Barnacle Bill’s menu supplies aquatic fare fresh from the Atlantic as well as terrestrial eats and homemade desserts. Begin dinner with the tomato based minorcan clam chowder spiced with local datil peppers ($3.59 for a cup, $4.59 for a bowl) before sending seafaring taste buds to the sweet-and-savory shores of the caribbean mango mahi mahi, grilled and topped with fresh mango salsa ($12.95). Land lubber grub such as the 7 oz. blackened sirloin steak, spiced and topped with blue cheese crumbles, keeps palates high and dry and safe from the threat of mutinous molars.
The Beachcomber Restaurant first appeared on a St. Augustine beach in the 1940s, its colorful walls and umbrellas blending harmoniously with a backdrop of sandy dunes, swaying palm trees, and calm ocean waves. Generations later, locals and tourists alike still flock to its wraparound wooden deck, where they can linger over cups of spicy clam chowder and baskets of fried seafood. Come evening, they chug beer and nibble on chicken wings and fresh local oysters; in the morning, their attention turns to hearty breakfasts of pancakes, omelets, and breakfast burritos. In the kitchen, the staff whips up "Catch of the Day" dinners, grilling fresh fish they caught right by the restaurant using nothing but a lacrosse stick and a dog whistle.
The Top of the Reef plunges diners into dual menus of water-borne dinners and afternoon repasts. Dinner starters, such as the freshly shucked oysters ($7.95–$9.95) or the deep-fried calamari ($5.95), prepare diners to delve further into undersea fare from the dinner menu. The grilled or blackened salmon fillet ($15.95) and deviled crab crakes ($12.95) provide a protein alternative to eating land-dwelling fish, while the broiled twin lobster tails (market price) impress guests by finishing each other's sentences. Lunch options include Cajun fried shrimp ($6.95), fingerling catfish ($6.75), and fried clam strips ($6.25).
Having grown up in Baltimore, Chef Kahn Vongdara showcases a cooking style infused with the flavors and ingredients of Chesapeake Bay. At Crab Cake Factory, he has compiled a menu featuring Maryland-style crab cakes and dishes such as trout and crayfish brushed with roasted-pecan sauce. Chef Kahn's hefty 16-ounce new york strip steak with crispy potato strings is served in a dining room—full of plush booths and wooden tables—where musicians pluck strings and sensually massage their saxophones. To complement the surf 'n' turf lineup and Jacksonville Jaguars games in the lounge, the eatery's mixologists offer more than 10 martinis, including the Cupid's Potion, crafted with Three Olives vanilla vodka and strawberry liqueur.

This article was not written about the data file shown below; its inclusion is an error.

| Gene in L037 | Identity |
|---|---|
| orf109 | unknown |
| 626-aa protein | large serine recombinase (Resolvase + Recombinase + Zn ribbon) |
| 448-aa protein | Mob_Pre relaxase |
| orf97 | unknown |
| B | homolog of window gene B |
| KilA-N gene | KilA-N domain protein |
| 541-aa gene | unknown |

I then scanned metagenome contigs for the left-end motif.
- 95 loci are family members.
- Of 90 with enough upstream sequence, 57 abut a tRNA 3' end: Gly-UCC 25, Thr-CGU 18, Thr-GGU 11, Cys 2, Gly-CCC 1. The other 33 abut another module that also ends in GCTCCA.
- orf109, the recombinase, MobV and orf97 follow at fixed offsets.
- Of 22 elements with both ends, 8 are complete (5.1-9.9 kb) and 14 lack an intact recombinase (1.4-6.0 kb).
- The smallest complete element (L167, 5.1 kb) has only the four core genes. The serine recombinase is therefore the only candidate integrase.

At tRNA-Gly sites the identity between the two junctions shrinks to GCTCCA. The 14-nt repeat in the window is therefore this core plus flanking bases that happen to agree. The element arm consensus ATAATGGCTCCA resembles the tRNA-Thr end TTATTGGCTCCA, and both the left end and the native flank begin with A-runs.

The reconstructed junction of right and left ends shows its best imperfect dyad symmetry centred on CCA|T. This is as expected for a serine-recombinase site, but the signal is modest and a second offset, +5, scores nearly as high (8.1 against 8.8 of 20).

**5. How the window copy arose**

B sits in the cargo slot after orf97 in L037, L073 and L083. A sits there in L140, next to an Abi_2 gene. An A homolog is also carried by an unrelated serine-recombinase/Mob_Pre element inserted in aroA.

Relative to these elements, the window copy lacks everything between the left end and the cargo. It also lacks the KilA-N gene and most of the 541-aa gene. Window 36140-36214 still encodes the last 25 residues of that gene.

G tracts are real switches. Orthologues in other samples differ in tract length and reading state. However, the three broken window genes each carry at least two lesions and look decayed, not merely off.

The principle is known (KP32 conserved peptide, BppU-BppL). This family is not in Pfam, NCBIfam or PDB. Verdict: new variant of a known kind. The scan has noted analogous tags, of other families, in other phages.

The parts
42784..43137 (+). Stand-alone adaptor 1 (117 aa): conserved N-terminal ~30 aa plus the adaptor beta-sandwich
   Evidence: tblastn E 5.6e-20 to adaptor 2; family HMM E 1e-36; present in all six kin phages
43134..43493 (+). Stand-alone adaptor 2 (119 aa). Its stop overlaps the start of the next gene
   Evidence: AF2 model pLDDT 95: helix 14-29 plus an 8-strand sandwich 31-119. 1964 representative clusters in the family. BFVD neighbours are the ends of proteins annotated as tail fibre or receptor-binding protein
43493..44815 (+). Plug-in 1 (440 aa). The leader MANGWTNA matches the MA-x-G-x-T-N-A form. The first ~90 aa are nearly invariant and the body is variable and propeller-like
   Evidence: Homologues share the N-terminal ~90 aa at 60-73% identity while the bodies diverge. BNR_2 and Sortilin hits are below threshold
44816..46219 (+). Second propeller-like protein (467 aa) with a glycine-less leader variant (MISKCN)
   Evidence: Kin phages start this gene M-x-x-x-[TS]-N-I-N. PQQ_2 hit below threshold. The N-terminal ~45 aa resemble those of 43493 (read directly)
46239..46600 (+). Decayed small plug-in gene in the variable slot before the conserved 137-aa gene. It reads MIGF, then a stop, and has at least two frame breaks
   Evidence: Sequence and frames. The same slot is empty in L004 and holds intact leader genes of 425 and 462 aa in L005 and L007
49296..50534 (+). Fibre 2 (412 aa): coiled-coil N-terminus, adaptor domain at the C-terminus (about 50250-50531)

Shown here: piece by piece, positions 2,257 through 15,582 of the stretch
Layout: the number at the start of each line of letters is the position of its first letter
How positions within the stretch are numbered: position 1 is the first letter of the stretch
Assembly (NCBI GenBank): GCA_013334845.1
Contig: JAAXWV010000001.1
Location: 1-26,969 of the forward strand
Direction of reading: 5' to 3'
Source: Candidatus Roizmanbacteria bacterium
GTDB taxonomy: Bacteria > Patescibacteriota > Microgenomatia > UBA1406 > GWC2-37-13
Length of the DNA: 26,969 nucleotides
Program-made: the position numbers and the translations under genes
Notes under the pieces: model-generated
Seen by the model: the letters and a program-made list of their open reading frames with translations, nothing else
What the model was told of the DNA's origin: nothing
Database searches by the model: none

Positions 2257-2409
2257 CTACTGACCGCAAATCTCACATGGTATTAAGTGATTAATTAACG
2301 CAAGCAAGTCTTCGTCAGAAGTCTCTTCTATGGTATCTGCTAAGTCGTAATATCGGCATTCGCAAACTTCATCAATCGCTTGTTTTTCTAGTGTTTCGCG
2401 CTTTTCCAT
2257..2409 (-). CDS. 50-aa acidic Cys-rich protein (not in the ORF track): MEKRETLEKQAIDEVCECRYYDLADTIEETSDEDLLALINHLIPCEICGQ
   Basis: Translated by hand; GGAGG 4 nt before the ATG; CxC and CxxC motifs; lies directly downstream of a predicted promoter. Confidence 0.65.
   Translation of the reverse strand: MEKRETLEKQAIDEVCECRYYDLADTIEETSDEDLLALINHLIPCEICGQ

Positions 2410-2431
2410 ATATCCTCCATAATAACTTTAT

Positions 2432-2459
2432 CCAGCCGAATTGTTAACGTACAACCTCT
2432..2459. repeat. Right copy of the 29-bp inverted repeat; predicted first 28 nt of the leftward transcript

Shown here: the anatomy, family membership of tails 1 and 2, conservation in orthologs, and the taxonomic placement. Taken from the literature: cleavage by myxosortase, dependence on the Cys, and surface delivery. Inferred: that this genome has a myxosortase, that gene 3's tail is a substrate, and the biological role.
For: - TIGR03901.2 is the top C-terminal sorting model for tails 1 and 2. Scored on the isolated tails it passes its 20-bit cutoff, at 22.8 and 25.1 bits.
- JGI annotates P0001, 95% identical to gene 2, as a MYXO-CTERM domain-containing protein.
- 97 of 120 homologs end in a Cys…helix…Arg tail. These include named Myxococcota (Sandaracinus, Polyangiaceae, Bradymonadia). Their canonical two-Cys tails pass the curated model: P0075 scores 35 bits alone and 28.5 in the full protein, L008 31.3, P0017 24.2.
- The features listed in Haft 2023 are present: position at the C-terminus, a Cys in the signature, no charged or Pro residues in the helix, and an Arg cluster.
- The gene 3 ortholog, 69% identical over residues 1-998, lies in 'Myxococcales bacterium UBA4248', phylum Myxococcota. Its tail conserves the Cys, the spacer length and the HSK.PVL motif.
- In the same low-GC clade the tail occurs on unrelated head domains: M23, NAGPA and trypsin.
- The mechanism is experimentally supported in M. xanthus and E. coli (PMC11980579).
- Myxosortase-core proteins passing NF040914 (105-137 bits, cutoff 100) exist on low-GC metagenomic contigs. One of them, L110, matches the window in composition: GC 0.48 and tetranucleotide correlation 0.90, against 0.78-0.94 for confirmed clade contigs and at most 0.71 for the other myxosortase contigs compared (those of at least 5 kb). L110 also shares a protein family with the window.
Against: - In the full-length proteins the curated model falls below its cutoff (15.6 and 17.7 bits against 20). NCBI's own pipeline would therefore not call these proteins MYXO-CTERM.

The water-adventure lovers at Crazy Fish have expanded their waterfront activity arsenal with an airboat, taking six-to-eight gleeful guests on a one-hour guided tour with the captivating Captain Hurricane Dave. After pushing off in a bright red boat propelled by Paul Bunyan's desk fan, Captain Dave takes groups of up to eight airboat adorers on a trek through the waters, pointing out alligators, porpoises, manatees, and alligator-impersonating marsh birds along the way. Scenic views of the vibrant intracoastal waterway and the occasional eagle sighting thrill turf-dwellers and seafarers alike on this air-powered voyage.
Although it started as a phrase bandied about on spearfishing trips, the “salt life” eventually became the mantra for an entire subculture. The words refer to the casual lifestyle of small beachside towns where diving, surfing, and fishing allow people to connect with the ocean. Salt Life Food Shack celebrates this connection by forging entrees tinged with Hawaiian, Costa Rican, and Bahaman influences.
Located just three blocks from the ocean, Salt Life Food Shack boasts a menu that draws heavily from the sea. Ahi poke, fried soft-shell crabs, and hand-breaded shrimp fill the pages alongside turfier fare, such as st. louis ribs with island-style barbecue sauce and a coastal reimagining of beer-can chicken. Drawing seafood recipes from another hemisphere, the sushi list showcases shrimp and tuna rolls complemented by edamame, which is seasoned with sea salt from the Titanic’s first-class pantry.
The laid-back beach theme extends beyond the sea breeze on the covered patio to invade the dining room’s modern decor, which features surfboards and oceanic artwork along its sky-blue and white walls. An aquarium also inhabits the space, affording diners glimpses of vibrant tropical fish.